Two drones headed toward an Iraqi base hosting U.S. troops near Baghdad International Airport were shot down before they could reach their target, Iraqi security sources told Reuters Monday morning.
No injuries were reported.
The attack marks the second anniversary of a drone strike ordered by former President Donald Trump that killed Iranian general Qassem Soleimani in 2020.
According to Reuters, an unnamed U.S. official said the base’s defense system engaged “two fixed-wing suicide drones,” that “were shot down without incident.”
No one has claimed ownership of the drones yet, although footage that was also reportedly provided to Reuters by the coalition official showed debris from the destroyed drones, with writing on of the wing’s allegedly reading, “Soleimani’s revenge.”
Soleimani — who was the head of Iran’s Quds Force, an elite unit within Iran’s Islamic Revolutionary Guard Corps — was killed alongside Popular Mobilization Forces leader Abu Mahdi al-Muhandis two years ago.
According to Pentagon officials, the strike against the Iranian general was ordered after Soleimani orchestrated a Dec. 27, 2019 rocket attack on a Kirkuk military installation that killed an American contractor and wounded four U.S. service members.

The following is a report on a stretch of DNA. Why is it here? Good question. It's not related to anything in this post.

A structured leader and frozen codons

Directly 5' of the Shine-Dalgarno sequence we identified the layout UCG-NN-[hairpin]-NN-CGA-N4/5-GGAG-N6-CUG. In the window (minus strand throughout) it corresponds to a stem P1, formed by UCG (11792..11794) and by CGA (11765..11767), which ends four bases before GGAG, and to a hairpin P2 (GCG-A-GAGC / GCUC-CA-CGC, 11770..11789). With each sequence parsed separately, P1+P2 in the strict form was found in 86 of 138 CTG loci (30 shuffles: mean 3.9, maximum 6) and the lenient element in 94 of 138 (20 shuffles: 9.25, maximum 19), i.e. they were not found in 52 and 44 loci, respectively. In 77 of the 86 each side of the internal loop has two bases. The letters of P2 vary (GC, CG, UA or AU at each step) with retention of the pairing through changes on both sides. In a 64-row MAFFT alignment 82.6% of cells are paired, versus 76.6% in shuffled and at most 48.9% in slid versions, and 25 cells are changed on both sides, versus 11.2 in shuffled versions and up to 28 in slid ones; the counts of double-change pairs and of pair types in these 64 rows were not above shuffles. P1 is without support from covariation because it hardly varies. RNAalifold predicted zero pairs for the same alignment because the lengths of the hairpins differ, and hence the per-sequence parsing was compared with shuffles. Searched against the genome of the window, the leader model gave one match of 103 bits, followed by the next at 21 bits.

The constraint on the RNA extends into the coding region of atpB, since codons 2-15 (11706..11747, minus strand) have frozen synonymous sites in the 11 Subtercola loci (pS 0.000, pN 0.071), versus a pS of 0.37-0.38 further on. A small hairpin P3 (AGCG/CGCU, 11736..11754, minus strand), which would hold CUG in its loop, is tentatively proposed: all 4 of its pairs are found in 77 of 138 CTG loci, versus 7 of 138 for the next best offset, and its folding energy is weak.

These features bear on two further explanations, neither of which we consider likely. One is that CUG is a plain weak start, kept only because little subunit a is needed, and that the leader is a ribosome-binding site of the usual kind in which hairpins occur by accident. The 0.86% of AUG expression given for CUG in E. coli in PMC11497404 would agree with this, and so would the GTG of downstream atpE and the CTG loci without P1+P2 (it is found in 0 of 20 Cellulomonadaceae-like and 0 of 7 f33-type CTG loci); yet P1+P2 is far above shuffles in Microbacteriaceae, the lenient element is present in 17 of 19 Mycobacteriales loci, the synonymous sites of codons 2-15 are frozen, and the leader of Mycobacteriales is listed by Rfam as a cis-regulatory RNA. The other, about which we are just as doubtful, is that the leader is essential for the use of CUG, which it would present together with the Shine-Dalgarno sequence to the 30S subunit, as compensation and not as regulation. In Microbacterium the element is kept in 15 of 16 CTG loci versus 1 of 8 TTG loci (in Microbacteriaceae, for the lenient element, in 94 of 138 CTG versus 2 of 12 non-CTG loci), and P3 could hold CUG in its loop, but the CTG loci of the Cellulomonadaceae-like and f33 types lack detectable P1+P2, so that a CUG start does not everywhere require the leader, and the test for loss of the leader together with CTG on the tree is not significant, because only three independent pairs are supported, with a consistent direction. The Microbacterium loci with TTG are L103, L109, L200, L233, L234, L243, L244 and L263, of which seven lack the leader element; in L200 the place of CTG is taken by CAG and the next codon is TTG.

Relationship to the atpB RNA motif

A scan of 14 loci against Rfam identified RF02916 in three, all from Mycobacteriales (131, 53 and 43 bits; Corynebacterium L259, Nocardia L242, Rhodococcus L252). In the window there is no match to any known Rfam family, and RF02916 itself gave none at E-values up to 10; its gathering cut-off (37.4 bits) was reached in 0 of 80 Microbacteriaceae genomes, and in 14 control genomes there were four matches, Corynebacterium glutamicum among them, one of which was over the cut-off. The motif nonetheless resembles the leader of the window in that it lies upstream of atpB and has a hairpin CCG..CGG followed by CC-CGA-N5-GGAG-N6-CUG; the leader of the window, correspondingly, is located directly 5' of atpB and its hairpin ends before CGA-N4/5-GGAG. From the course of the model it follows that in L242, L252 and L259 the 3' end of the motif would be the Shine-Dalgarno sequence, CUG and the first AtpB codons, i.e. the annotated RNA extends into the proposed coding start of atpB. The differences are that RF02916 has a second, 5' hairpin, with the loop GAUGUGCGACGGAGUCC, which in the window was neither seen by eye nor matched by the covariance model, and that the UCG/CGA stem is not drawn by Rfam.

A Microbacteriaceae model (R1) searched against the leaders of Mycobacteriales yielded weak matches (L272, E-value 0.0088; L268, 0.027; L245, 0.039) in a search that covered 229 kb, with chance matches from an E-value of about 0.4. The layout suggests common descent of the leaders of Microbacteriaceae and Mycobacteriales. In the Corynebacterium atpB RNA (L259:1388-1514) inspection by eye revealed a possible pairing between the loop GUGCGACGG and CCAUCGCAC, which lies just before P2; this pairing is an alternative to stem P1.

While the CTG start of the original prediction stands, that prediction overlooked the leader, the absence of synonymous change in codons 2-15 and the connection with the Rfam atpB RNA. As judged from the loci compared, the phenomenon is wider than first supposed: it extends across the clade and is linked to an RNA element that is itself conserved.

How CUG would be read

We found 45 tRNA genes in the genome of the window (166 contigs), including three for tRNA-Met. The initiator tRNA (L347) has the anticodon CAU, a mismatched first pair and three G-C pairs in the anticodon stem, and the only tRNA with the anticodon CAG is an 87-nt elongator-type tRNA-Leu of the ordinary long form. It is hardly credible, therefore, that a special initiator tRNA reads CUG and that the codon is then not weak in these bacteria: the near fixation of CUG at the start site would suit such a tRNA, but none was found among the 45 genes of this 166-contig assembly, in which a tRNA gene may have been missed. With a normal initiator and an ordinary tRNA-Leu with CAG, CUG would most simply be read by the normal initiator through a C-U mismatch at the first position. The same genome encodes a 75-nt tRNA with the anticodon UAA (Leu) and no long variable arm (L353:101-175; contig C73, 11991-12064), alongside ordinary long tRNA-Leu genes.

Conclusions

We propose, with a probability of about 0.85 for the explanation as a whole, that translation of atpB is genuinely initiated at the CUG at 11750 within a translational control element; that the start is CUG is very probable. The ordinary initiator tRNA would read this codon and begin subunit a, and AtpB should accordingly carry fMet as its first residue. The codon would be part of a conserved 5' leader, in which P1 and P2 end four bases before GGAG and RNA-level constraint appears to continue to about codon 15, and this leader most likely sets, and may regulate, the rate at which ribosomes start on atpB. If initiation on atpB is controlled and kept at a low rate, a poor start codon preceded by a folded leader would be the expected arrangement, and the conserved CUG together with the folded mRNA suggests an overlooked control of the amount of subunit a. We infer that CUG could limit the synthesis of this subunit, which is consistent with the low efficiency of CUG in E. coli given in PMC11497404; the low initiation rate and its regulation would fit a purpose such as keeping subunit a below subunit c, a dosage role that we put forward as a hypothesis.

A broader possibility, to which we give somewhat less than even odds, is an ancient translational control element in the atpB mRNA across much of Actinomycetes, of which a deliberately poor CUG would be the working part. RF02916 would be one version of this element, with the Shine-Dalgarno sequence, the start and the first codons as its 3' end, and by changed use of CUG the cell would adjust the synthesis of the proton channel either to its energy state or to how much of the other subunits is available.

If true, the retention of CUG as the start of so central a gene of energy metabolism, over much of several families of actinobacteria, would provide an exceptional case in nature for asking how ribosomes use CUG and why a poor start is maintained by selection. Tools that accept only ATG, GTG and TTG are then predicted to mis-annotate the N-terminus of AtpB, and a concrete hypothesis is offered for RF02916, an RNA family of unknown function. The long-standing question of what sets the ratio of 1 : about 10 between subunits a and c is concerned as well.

Soleimani was “actively developing plans to attack American diplomats and service members in Iraq and throughout the region. General Soleimani and his Quds Force were responsible for the deaths of hundreds of American and coalition service members and the wounding of thousands more,” the Defense Department said following the strike.
Months after the strike, Agnes Callamard, the United Nations special rapporteur investigating extrajudicial and summary executions, said the U.S. government had provided no evidence to support the assertion that Soleimani posed an imminent threat.
“It is hard to imagine that a similar strike against a Western military leader would not be considered as an act of war,” Callamard wrote in a report to the U.N. Human Rights Council in Geneva, according to the New York Times.
Soleimani’s killing still elicits strong emotions in the region. On Sunday, hundreds of Iran-backed militia group supporters also gathered outside of Baghdad International Airport, the site of the 2020 drone strike, to protest Soleimani’s death and chant anti-American rhetoric.
Protestors additionally called for the removal of the remaining American forces from Iraq, calls that come just weeks after U.S.-led coalition leaders formally ended their combat mission against the Islamic State.
While around 2,500 troops will remain in-country for the foreseeable future, they remain only in an advisory role to Iraqi forces.
Rachel is a Marine Corps veteran, Penn State alumna and Master's candidate at New York University for Business and Economic Reporting.